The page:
SPOILER WARNING: The following interview discusses specific events and plot points from “Divergence,” DC Comics’ Free Comic Book Day offering.
In “Divergence,” DC Comics‘ Free Comic Book Day offering released across North America on May 2, Gene Luen Yang makes his debut as the new writer on “Superman” with the eight-page story titled “Exposed.”
Yang, who earned his latest Eisner Award nomination last week for 2014’s “The Shadow Hero,” joins living legend John Romita, Jr., who continues his run as artist on “Superman” that he started on “Superman” #32, written by Geoff Johns.
With Clark Kent back working for the Daily Planet, the title “Exposed” would make sense on a number of levels, but it’s not our bespectacled reporter doing the exposing. It’s Lois Lane, and she has one doozy of a scoop this time — the kind that leaves Superman hiding out in a hotel and under a hoodie.
CBR News connected with Yang and Romita to discuss the events of “Divergence” and what’s to come in their first arc starting in June, which is titled “Truth.”
CBR News: Has the Man of Steel changed in “Divergence” and “Superman” #41 since we last saw him battling Ulysses in the “Men of Tomorrow” arc?
John Romita, Jr.: I don’t think he’s changed. I think he’s progressed with a nice, little nugget that we grabbed from [previous “Superman” writer] Geoff Johns and the editors. It played out so nicely, there was no drastic jump or change or anything like that. We took this little bit and we’ve run with it, and it’s affected the character in a certain way. Again, I don’t think it’s a change as much as it’s a natural progression. And I’m damn proud of it. The way that Gene is handling is outstanding. I’m very excited about it.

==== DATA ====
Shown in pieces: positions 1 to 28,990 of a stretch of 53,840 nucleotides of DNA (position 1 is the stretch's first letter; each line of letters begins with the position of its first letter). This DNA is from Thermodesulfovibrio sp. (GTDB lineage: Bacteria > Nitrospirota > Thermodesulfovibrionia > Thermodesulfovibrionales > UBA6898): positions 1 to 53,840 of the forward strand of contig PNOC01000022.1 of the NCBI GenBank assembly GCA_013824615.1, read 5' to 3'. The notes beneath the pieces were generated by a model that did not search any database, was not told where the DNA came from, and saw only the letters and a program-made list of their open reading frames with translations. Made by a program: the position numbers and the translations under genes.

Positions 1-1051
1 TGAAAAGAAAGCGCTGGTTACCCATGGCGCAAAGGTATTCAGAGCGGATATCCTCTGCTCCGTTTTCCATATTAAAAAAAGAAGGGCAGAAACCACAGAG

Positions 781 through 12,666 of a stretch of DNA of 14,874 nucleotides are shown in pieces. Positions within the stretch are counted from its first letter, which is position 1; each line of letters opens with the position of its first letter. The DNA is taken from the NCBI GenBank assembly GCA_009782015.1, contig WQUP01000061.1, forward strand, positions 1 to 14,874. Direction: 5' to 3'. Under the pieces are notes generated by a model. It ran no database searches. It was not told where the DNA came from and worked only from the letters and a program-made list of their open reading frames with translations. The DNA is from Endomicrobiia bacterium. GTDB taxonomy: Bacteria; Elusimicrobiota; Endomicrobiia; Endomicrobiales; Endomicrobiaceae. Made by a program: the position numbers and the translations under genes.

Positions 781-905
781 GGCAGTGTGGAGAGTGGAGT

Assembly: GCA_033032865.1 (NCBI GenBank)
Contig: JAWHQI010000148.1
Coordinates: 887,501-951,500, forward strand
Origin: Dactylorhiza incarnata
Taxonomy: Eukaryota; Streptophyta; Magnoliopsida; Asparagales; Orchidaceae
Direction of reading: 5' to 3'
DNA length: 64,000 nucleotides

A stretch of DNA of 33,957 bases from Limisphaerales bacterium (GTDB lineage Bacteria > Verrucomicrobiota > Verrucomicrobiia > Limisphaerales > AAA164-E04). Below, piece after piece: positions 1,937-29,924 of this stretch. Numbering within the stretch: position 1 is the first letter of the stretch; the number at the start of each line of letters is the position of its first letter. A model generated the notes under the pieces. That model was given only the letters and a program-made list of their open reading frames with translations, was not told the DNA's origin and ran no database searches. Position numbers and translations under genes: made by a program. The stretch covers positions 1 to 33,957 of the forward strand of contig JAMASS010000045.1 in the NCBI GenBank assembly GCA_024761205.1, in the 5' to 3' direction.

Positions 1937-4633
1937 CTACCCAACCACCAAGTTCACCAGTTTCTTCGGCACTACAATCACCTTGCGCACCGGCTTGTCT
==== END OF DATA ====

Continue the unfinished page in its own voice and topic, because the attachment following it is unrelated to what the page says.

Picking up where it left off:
Gene Leun Yang: Thanks, John. And I agree; I think “progression” is a better way of describing what’s happening, and it’s definitely a team effort. There are four different Superman books, and we all got together as the Superman team and came up with this story idea. Superman has been around for so long that he’s actually gone through different stages, and anything that you do will harken back to one of those stages that he’s gone through. That’s what we’re trying to do. We’re looking at his history and trying to take pieces of history and push him in a new direction.
What about his look? He’s rocking a crew cut on the cover for “Superman” #41.
Romita: My expectation was always to not mess up. [Laughs] I was concerned with that, and I struggled a little bit getting used to it. As far as how [Superman’s design] looked recently, I’m not conscious of the character looking different, but I think maybe because I am getting more familiar with him, it’s improved. I’m always improving as I get older, and hopefully that will continue. My expectation was to do as well as I could. I was a little bit nervous about the attention it was getting, and plus, I realized that I was with a character that’s been around forever. And then I was working with Geoff Johns, so this was the big time.
Obviously, the big change in your first story together is the fact that Lois has outed Clark Kent as Superman, which dovetails nicely into the title of your first arc, “Truth.” We saw a tease of what’s to come in “Divergence,” but what can you tell us about what that reveal means not only for Superman, but Clark and his relationship with Lois?